Life in a small town brothel has been difficult for beautiful Emma Brewster. When she sets out on a stagecoach for her new life in Kansas City, she rides away from the only man who treated her with respect.

But Branson has other ideas and is only too willing to teach her a lesson about leaving him behind…

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Shotgun Bride

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Life in a small town brothel has been difficult for beautiful Emma Brewster. When she sets out on a stagecoach for her new life in Kansas City, she rides away from the only man who treated her with respect.

But Branson has other ideas and is only too willing to teach her a lesson about leaving him behind…

Read More Show Less

Product Details

  • ISBN-13: 9781906590956
  • Publisher: Totally Bound Publishing
  • Publication date: 8/25/2008
  • Series: Riding Shotgun , #1
  • Sold by: Barnes & Noble
  • Format: eBook
  • Edition number: 1
  • Pages: 31
  • Sales rank: 1,263,854
  • File size: 260 KB

Meet the Author

Aurora Rose Lynn, a bestselling erotica author, lives in the Pacific Northwest with her husband and conure. She enjoys writing romance with a sensual twist but first and foremost, her stories must be about love. When she isn't writing romance, she writes young adult and fantasy stories under a pen name.
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Read an Excerpt

“Careful for your step, Ms. Brewster.”

Emma lifted her silk skirts with one hand and set the other in the stagecoach driver’s bulky paw. This was the beginning of a new life, she thought with a mixture of enthusiasm and fear. She guessed he probably knew who she was, but she didn’t care as she tipped her head back and gave him a wide smile. It was the first time in eight years she’d actually smiled at a man without offering sex in the brothel where she’d spent that time.

Her heart sang as he returned her smile with a careful gruff upturn of his chapped lips. “Are you sure you’re up to this trip, Miss?” he asked solicitously. “Them Indians ain’t no white man’s friend.”

Emma settled herself facing forward on the hard, damask-covered seat and regally spread her dark mauve skirts about her. She was no longer beholden to any man. She was free. “I’m not afraid of anyone,” she said, eyeing the driver with a full gaze.

“Right,” he muttered, giving her the distinct impression she didn’t know exactly what she was getting herself into. “We’re off then.”

Moments later, the vividly painted stagecoach lurched forward, and Emma was off to her new life in Kansas City. The interior sported delicate gold trim and the outside of the coach was painted a vivid red with bright yellow trim. On the door was a delicate hand-painted landscape. The sun cast short, early afternoon shadows on the narrow, dirt streets but no one waved farewell although a young boy ran alongside hollering and whooping. The wheels rattled and dust billowed under the hooves of the four horses pulling the vehicle. In Kansas City, with her savings, Emma vowed she would go into business as a respectable seamstress. She’d be able to hold her head high and look friend or foe straight in the eye.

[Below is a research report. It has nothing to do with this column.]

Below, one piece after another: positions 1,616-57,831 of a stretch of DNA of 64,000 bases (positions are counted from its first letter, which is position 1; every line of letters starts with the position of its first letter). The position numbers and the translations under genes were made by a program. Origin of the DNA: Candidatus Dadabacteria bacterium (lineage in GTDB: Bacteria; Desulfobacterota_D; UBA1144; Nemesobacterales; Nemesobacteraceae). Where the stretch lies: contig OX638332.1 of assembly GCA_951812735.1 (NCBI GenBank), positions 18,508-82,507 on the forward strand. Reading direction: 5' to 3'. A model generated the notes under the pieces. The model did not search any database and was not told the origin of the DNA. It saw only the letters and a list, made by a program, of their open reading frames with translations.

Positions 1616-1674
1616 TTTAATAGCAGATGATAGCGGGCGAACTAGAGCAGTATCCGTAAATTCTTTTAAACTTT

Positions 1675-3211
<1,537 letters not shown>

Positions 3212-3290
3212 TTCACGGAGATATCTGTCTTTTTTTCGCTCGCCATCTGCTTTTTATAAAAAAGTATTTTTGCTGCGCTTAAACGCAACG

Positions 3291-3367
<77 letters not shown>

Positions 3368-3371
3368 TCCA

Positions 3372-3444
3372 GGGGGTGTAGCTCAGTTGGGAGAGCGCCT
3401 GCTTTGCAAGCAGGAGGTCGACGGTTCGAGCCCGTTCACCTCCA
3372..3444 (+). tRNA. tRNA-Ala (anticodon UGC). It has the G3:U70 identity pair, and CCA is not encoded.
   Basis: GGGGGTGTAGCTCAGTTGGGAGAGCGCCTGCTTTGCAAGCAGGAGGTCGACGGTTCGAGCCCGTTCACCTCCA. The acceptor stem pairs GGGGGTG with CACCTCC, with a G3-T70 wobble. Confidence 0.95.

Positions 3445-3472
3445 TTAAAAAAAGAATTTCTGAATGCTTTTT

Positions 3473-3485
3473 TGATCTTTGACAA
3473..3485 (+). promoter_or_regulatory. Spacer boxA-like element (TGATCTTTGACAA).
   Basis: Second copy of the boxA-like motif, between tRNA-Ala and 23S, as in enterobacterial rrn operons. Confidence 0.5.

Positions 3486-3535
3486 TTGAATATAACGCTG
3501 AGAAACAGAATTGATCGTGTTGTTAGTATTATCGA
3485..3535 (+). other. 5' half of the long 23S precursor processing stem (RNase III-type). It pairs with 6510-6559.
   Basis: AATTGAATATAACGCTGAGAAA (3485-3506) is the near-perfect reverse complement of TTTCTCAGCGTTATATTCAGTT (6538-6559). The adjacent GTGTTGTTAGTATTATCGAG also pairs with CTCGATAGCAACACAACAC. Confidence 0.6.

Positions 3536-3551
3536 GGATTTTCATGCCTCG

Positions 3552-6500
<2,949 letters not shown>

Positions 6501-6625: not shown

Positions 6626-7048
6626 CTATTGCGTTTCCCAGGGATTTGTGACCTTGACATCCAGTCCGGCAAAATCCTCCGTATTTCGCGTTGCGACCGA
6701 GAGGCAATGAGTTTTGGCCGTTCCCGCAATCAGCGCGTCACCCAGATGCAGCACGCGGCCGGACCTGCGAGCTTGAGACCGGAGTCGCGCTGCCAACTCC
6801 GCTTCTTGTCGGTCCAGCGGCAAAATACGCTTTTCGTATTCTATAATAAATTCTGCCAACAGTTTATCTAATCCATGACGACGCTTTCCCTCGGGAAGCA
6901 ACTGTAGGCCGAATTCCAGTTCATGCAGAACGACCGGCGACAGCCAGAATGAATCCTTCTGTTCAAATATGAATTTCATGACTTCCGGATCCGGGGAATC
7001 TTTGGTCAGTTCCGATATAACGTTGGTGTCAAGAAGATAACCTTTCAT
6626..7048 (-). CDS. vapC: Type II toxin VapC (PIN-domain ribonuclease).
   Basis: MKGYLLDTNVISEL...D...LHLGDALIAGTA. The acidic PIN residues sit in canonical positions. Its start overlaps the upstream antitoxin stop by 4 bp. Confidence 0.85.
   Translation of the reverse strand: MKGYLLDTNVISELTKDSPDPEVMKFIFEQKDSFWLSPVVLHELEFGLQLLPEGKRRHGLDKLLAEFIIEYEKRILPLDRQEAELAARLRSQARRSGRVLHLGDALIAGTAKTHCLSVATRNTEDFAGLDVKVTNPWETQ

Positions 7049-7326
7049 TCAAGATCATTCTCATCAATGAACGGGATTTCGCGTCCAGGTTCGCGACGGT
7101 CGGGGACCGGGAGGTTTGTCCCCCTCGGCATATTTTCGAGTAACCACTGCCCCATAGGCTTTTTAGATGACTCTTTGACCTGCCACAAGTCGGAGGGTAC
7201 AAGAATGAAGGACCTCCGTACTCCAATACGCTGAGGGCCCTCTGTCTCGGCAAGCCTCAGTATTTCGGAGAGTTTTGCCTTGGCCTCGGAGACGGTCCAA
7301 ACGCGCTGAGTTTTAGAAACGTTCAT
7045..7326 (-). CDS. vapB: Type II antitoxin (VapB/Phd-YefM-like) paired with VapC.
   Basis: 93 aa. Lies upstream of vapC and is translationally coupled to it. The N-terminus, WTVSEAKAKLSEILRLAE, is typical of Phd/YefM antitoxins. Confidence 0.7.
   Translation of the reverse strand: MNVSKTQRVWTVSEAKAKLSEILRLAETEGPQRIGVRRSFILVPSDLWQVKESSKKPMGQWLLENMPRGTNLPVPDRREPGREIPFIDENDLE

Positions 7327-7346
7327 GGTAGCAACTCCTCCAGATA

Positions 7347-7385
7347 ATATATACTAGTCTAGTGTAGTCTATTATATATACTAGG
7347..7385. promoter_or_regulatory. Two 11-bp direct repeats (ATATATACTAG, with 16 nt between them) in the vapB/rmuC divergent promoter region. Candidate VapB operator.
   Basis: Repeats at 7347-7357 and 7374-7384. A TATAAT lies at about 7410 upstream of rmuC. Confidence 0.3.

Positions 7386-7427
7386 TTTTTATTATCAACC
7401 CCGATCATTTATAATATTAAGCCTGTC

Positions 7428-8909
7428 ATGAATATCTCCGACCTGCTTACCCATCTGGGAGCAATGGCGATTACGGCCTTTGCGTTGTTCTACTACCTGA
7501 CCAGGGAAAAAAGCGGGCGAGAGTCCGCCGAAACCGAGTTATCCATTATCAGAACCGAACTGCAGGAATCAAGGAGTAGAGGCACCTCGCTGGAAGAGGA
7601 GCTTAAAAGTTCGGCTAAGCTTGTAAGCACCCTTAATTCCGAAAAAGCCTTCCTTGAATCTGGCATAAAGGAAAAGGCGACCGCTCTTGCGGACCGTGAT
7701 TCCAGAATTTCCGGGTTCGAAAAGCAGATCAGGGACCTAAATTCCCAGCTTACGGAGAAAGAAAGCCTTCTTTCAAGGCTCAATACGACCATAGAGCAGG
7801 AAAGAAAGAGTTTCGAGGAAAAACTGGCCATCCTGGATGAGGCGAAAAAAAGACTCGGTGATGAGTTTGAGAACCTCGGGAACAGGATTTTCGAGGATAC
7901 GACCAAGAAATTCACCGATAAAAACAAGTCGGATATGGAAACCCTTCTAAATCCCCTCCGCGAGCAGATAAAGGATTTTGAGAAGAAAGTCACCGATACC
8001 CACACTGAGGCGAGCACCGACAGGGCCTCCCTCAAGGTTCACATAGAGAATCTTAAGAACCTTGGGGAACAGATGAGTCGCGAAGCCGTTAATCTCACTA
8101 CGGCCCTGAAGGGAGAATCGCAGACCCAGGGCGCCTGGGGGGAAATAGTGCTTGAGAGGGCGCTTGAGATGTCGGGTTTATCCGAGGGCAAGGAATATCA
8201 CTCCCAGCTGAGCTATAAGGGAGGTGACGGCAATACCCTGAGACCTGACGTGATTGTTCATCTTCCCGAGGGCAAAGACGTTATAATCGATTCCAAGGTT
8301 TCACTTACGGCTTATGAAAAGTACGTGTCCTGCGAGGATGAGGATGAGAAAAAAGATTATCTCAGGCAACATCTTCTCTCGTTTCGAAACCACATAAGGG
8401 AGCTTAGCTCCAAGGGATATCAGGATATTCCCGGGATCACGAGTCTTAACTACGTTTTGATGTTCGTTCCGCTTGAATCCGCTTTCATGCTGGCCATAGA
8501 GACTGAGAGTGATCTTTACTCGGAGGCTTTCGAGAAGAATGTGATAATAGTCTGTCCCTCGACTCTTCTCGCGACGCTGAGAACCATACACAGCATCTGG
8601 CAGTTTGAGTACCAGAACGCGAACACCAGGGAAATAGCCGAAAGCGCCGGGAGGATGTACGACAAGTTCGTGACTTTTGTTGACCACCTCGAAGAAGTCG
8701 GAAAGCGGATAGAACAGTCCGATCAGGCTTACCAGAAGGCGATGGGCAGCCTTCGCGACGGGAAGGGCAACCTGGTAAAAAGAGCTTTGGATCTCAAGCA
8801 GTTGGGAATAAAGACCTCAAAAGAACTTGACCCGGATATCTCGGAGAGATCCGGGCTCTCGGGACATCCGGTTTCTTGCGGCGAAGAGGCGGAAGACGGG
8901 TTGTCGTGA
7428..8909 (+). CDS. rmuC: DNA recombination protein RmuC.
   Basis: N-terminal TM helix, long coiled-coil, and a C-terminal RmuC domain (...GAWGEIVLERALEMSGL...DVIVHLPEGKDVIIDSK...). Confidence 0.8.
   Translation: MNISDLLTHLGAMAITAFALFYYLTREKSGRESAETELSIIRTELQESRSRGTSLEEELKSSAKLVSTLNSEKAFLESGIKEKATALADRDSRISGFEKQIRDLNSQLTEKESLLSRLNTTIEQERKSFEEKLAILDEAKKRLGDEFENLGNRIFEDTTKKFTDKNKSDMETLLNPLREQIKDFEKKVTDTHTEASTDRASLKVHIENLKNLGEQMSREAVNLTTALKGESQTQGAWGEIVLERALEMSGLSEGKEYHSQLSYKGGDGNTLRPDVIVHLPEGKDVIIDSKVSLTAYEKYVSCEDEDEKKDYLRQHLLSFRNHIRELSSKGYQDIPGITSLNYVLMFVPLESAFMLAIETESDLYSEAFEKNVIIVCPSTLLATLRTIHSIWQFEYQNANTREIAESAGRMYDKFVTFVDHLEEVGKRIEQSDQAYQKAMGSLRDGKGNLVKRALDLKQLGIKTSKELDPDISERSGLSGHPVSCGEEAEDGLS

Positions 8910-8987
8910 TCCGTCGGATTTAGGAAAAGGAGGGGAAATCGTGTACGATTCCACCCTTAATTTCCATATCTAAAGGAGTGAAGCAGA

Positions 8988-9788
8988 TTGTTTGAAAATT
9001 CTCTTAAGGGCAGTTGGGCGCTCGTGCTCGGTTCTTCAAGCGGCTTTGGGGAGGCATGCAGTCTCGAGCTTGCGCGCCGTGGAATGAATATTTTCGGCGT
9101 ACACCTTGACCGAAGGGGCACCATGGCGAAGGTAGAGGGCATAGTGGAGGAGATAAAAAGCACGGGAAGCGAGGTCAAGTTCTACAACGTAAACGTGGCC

She couldn’t say she would miss anyone in the brothel. Not that anyone had mistreated her, but she’d had her share of drunken louts groping her body. Only one of the dozens of men had caught her fancy, and briefly, for a few minutes at most, she’d imagined herself in love with the tall, dark stranger who’d bestowed flowers, small trinkets and fancy chocolates on her. Branson had never treated her with anything but respect, had never drank to excess or presented himself as uncouth or foulmouthed. He’d been a rare gentleman, the kind of man a woman, a well-bred one, could easily love—if the woman believed in love and hadn’t had a past. Emma didn’t pride herself on servicing the needs of the miners in the small town, but she’d done what she had to do after, at seventeen, she’d been kicked out of the orphanage where she’d barely survived. If there was a thing called love in the world, it hadn’t made its appearance in hers.

The coach left the small town behind and jolted into the desert-like country. Tall reeds waved rhythmically in the breeze. Black-eyed Susans dotted the edge of the dirt road. Dust rose from the dry ground, enveloping everything, including Emma in her silk gown. However, she didn’t regret wearing the finery one bit. She was a lady and would act every bit like one.

Her thoughts returned to Branson. She hadn’t told him she was leaving, had never even discussed the possibility with him. She hadn’t felt the need, and she supposed she was reluctant to tell him anything personal about herself when he shared nothing about who he was. She’d heard, from Mel, another one of the brothel women, that he was on the make, but Mel hadn’t been able to tell her more than that. Emma guessed that like herself, many in the small town stayed only as long as they made a buck, and when the marshal went after them or the going got rough, they left without warning.

Branson didn’t strike her as the kind of man who fled the law. She remembered gazing into his eyes one night and finding herself holding her breath. The man was strikingly handsome. And big in all the right places. She was tiny compared to him, with a slim waist and small breasts, easy enough for him to ‘palm her delicate beauties’, he’d told her once with a wicked twinkle in his eyes. When he strolled into a room, he owned it with a presence that dominated everything and everyone around him.

Her thoughts drifted to that day, he’d caught her watching him when he’d purportedly been sleeping after what had been an unusually demanding sexual escapade. She’d reached out with a forefinger to touch his lower lip, and as her flesh had met his, his eyes had flashed open.

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